I love the Volvo Ocean Race. The idea of circling the planet in a boat that has about an inch between sailors and the world’s oceans … is compelling.
I became fully aware of the eight-month, round-the-world event, often described as the “Everest of sailing”, in 2011, ahead of the 2011-12 race, which included a boat from Abu Dhabi, Azzam.
We at The National, the Abu Dhabi newspaper, also closely covered the 2014-15 event, which Azzam won, to much domestic acclaim.
The 2017-18 race begins later this year (with no Abu Dhabi involvement), and it will be notable for several significant changes, including these two:
–It will sail “three times as many” miles in the frigid Southern Ocean than any recent Volvo race.
–It will have sailors of both genders on individual boats. Well, at least the one that announced the other day that it would sail with two women crew.
It is clear race organizers want mixed-gender crews; what is not clear is whether the new rules encouraging mostly male teams to race with women crew are helpful or insulting to female sailors.
Here is how it worked three years ago: All male crews were limited to eight sailors, a reduction from the previous race. An option for mixed-gender crews allowed for nine sailors, no more than five of them men. A third option was for all-female crews, and they got 11 on their boat.
(As it turned out, the Team SCA boat was an all-female crew. It finished sixth overall among seven boats, in 2014-15, but won a leg and two in-port races.)
This time? Teams are being pressed to take on female members. Consider:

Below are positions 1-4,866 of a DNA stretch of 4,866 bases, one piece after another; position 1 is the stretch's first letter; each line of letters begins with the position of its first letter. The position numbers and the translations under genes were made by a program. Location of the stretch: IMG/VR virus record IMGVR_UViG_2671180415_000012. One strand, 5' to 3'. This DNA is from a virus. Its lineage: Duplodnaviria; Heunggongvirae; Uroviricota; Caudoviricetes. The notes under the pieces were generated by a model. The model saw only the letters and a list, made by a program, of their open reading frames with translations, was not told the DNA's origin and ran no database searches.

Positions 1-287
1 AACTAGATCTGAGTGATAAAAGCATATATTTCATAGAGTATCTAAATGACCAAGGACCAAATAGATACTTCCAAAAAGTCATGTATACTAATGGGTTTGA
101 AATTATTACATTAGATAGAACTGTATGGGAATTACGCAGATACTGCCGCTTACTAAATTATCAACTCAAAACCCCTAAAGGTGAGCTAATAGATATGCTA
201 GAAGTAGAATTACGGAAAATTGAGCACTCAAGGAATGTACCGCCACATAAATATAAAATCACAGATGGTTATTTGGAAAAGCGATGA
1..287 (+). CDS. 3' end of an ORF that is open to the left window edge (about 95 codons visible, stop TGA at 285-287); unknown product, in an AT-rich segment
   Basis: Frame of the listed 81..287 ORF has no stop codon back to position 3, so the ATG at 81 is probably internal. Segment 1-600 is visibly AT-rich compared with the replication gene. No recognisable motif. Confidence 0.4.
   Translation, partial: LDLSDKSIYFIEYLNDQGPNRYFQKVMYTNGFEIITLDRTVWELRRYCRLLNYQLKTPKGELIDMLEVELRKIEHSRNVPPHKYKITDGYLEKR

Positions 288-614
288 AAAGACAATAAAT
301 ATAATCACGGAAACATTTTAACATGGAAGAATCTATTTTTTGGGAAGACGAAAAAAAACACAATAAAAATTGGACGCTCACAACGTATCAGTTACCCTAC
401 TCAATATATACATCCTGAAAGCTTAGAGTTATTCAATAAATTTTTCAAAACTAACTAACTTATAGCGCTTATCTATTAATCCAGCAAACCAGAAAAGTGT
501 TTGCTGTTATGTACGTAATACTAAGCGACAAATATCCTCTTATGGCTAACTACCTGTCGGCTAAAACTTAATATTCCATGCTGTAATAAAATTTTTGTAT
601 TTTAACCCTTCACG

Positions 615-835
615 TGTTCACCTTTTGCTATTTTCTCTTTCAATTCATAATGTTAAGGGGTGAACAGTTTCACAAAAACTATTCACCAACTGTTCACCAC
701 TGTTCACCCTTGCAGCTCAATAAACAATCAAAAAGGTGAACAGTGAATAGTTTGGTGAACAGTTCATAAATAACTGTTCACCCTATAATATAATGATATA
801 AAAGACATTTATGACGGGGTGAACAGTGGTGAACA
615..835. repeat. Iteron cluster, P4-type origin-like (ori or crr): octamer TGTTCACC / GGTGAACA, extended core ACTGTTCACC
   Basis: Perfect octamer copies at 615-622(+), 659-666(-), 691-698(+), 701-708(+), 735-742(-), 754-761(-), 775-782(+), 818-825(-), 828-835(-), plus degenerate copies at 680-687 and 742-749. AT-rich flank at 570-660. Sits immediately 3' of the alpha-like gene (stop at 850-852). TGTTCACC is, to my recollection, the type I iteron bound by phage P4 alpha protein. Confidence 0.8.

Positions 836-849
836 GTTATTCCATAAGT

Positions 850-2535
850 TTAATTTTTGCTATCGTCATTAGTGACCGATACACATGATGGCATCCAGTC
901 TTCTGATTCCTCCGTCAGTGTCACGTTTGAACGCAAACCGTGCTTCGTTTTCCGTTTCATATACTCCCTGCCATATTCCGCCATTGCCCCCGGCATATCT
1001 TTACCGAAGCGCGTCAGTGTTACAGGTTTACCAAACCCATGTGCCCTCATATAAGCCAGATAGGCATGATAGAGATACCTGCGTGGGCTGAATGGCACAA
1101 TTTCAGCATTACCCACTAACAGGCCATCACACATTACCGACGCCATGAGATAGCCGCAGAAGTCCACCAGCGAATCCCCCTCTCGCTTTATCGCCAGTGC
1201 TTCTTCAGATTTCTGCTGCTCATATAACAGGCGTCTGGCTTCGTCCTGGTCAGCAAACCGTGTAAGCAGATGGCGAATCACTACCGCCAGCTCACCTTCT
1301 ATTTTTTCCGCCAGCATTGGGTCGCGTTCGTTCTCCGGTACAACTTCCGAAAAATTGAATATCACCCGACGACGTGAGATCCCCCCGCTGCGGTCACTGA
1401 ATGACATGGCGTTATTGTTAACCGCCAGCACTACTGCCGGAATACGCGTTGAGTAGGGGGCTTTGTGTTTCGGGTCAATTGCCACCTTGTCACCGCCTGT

–Boats with all-male crews are limited to seven members, one fewer than three years ago, four fewer than in 2011-12.
–All male crews can take on one or two women crew without giving up any of their men, making for a seven-to-two split.
–Crews can also be divided into five men and five women … or seven women and one or two men.
–Or all-female boats can carry 11 sailors.
Some teams apparently feel compelled to take on at least one or two women, while keeping seven men. Veteran sailor Phil Harmer told the BBC, “I’m all for having women in the race, don’t get me wrong … but a better option is to make sure there is an all-girls team …
“I’m not sure it’s been thought out too well.”
He suggested an otherwise all male boat “can be a pretty nasty place after 30 days at sea.”
To which sailor Abby Ehler, a crewman on the all-women’s SCA team three years ago, said: “You won’t be able to tell your ‘blokey’ jokes.”
Ehler praised the crew rules change, calling it “bold.” She also suggested that all-women’s teams were not the best way to get women prepared for a round-the-world race because it would involve inexperienced crew throughout the boat.
What was left unsaid in the podcast, and not asked about by the BBC host, was what the ratio of men to women crew says about how organizers perceive the differences.
A seven-man crew is very close to being too few to tackle the high seas in a 65-foot Volvo one-design boat, so the teams that go with seven men may feel compelled to take on at least two women and one of the three teams announced for the upcoming race have — the Dongfeng team from China.
But look further. A team can go down to five men but get four women in return. Which seems to say four women are worth two men, in blue-water sailing.
And if a team goes all-male instead of all-female, it suggests that seven men are the equal of 11 women.
(Leaving aside the privacy issues the organizers are pushing down on to the teams pertaining to men and women sharing extremely cramped and primitive conditions.)
Harmer said on the podcast: “I don’t think it’s been thought out too well.”
At the least, it should be interesting.